The title of his new book comes from an essay by Solzhenitsyn, the last one he wrote before being evicted from the Soviet Union in 1974. In the piece, he told the Russian people that totalitarianism is built on lies and the people’s fear. The way to defeat it is to not live by lies. 

Dreher warns that a soft totalitarianism is well underway in the West, accomplished by two main means: so-called social justice, where group identity trumps the individual, and by technological surveillance. As to the former, the West is, of course, awash in identity politics: 

It encourages people to identify with groups – ethnic, sexual, and otherwise – and to think of Good and Evil as a matter of power dynamics among these groups. A utopian vision drives these progressives, one that compels them to seek to rewrite history and reinvent language to reflect their ideals of social justice. Further, these utopian progressives are constantly changing the standards of thought, speech, and behaviour Under the guise of “diversity,” “inclusivity,” “equity,” and other egalitarian jargon, the Left creates powerful mechanisms for controlling thought and discourse and marginalizes dissenters as evil. 

That of course ties in with the latter. Dreher looks at how technology and totalitarianism combine to create Big Brother statism. The Chinese social credit system is a clear case in point: it “automatically tracks the words and actions, online and off, of every Chinese citizen, and grants rewards or demerits based on obedience.” Doing what the State approves of will get you a higher social credit score, while doing what it frowns upon will result in a downgrade.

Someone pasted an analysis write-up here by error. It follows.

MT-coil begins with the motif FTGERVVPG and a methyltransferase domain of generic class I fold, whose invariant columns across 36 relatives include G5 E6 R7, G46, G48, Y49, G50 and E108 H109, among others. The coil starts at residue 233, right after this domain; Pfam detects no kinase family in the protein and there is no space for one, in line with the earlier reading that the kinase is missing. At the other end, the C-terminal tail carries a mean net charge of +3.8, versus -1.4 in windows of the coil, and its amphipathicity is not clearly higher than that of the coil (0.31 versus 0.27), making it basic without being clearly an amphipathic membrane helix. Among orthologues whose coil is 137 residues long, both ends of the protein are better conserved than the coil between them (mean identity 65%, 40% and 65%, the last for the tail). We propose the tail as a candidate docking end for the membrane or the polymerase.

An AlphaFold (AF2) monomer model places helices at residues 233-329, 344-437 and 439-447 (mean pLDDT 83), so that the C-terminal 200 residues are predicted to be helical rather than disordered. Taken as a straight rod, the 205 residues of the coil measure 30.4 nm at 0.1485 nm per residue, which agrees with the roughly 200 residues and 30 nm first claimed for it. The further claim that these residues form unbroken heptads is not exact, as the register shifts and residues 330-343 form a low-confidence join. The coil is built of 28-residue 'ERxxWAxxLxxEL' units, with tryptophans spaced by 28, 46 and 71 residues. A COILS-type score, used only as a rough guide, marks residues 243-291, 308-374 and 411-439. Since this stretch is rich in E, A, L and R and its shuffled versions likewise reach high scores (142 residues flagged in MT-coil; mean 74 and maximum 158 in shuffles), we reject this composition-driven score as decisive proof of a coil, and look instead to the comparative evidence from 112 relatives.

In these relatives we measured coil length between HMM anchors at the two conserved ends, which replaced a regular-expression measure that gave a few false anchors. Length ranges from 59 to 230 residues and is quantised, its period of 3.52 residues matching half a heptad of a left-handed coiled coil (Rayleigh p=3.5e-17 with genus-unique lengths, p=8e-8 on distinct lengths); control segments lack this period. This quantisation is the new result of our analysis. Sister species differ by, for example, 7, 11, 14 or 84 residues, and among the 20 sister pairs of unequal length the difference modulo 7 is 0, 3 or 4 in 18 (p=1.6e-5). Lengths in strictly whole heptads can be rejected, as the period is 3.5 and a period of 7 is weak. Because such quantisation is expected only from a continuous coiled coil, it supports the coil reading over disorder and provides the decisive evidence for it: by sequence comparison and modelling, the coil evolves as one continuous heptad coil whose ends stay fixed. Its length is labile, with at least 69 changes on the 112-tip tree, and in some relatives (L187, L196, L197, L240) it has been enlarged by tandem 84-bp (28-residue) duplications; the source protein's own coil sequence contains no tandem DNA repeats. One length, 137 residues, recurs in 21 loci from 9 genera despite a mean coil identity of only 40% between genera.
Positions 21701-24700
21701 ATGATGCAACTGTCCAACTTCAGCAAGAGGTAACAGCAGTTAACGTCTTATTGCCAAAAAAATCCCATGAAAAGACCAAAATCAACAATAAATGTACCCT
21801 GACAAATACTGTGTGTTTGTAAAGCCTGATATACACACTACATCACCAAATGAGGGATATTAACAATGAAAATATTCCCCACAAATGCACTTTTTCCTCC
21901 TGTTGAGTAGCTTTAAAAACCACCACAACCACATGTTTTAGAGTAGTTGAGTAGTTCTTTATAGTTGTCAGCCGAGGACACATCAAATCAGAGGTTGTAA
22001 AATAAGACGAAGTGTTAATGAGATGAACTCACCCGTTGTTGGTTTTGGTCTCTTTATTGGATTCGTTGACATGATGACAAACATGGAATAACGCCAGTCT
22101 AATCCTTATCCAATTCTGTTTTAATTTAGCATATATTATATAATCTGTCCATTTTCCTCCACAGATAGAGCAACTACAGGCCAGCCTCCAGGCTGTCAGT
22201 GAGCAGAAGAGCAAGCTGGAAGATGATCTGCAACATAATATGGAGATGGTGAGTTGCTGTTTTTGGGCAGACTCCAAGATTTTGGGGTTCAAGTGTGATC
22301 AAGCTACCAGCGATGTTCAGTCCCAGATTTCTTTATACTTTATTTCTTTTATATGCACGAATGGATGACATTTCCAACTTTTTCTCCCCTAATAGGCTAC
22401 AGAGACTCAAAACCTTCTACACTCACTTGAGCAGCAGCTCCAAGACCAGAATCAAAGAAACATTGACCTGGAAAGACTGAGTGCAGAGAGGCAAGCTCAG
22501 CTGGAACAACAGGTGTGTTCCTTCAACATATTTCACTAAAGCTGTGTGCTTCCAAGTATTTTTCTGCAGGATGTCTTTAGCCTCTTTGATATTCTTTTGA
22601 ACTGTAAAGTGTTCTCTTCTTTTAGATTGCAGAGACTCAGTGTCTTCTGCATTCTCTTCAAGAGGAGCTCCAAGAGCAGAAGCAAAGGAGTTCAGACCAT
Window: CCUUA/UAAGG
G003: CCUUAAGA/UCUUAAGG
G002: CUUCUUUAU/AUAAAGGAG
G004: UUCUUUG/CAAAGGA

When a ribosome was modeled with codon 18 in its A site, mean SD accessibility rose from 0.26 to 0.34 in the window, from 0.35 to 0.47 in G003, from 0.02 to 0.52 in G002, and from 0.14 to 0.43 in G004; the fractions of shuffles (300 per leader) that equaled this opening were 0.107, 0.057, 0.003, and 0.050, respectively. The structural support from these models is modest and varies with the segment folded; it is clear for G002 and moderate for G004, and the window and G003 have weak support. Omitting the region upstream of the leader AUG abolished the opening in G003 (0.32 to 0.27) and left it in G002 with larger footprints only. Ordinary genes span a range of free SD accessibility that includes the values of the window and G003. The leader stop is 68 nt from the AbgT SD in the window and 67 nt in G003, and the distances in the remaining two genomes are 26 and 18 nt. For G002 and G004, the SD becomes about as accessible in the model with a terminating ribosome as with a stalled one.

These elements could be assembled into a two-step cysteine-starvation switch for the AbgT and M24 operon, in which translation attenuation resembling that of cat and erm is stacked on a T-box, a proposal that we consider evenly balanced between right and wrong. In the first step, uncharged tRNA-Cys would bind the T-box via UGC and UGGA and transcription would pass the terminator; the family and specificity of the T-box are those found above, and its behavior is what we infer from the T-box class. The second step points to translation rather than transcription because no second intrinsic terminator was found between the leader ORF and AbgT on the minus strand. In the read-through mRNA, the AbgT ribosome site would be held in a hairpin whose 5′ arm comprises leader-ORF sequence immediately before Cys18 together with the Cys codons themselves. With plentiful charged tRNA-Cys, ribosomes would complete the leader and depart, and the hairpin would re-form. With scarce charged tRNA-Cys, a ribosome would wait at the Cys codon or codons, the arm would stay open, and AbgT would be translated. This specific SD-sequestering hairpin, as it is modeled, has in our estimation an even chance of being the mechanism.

Dreher asks if it can happen here: “Of course it can. The technological capability to implement such a system of discipline and control in the West already exists.” Simply think how states have run with corona this year: surveillance and compliance are at an all-time high. One can barely check into a shop or a restaurant for example without signing in, or using your smartphone QR code to get access to goods and services. 

As one recent Australian headline put it, “The QR code has turned COVID-19 check-ins into a golden opportunity for marketing and data companies.” Crony capitalism – the wedding of Big Business and Big Government – will ensure this data does NOT remain private. And of course all the talk of vaccine passports and the like is no longer the stuff of conspiracy theories. 

But Dreher also discusses Orwell and Huxleyand he too tips Huxley: 

Soft totalitarianism exploits decadent modern man’s preference for personal pleasure over principles, including political liberties. The public will support, or at least not oppose, the coming soft totalitarianism, not because it fears the imposition of cruel punishments but because it will be more or less satisfied by hedonistic comforts. Nineteen Eighty-Four is not the novel that previews what’s coming; it’s rather Aldous Huxley’s Brave New World. The contemporary social critic James Poulos calls this the “Pink Police State”: an informal arrangement in which people will surrender political rights in exchange for guarantees of personal pleasure. 

Soft totalitarianism … makes use of advanced surveillance technology not (yet) imposed by the state, but rather welcomed by consumers as aids to lifestyle convenience—and in the postpandemic environment, likely needed for public health. It is hard to get worked up over Big Brother when you have already grown accustomed to Big Data closely monitoring your private life via apps, credit cards, and smart devices, which make life so much easier and more pleasurable. In Orwell’s fictional dystopia, the installed “telescreens” in private homes to keep track of individual’s lives. Today we install smart speakers into our homes to increase our sense of well-being. 

Hmm, why did 2020, the year of the Rona, seem to bring all this together in frightening reality? 

Bill Muehlenberg is a Melbourne cultural commentator.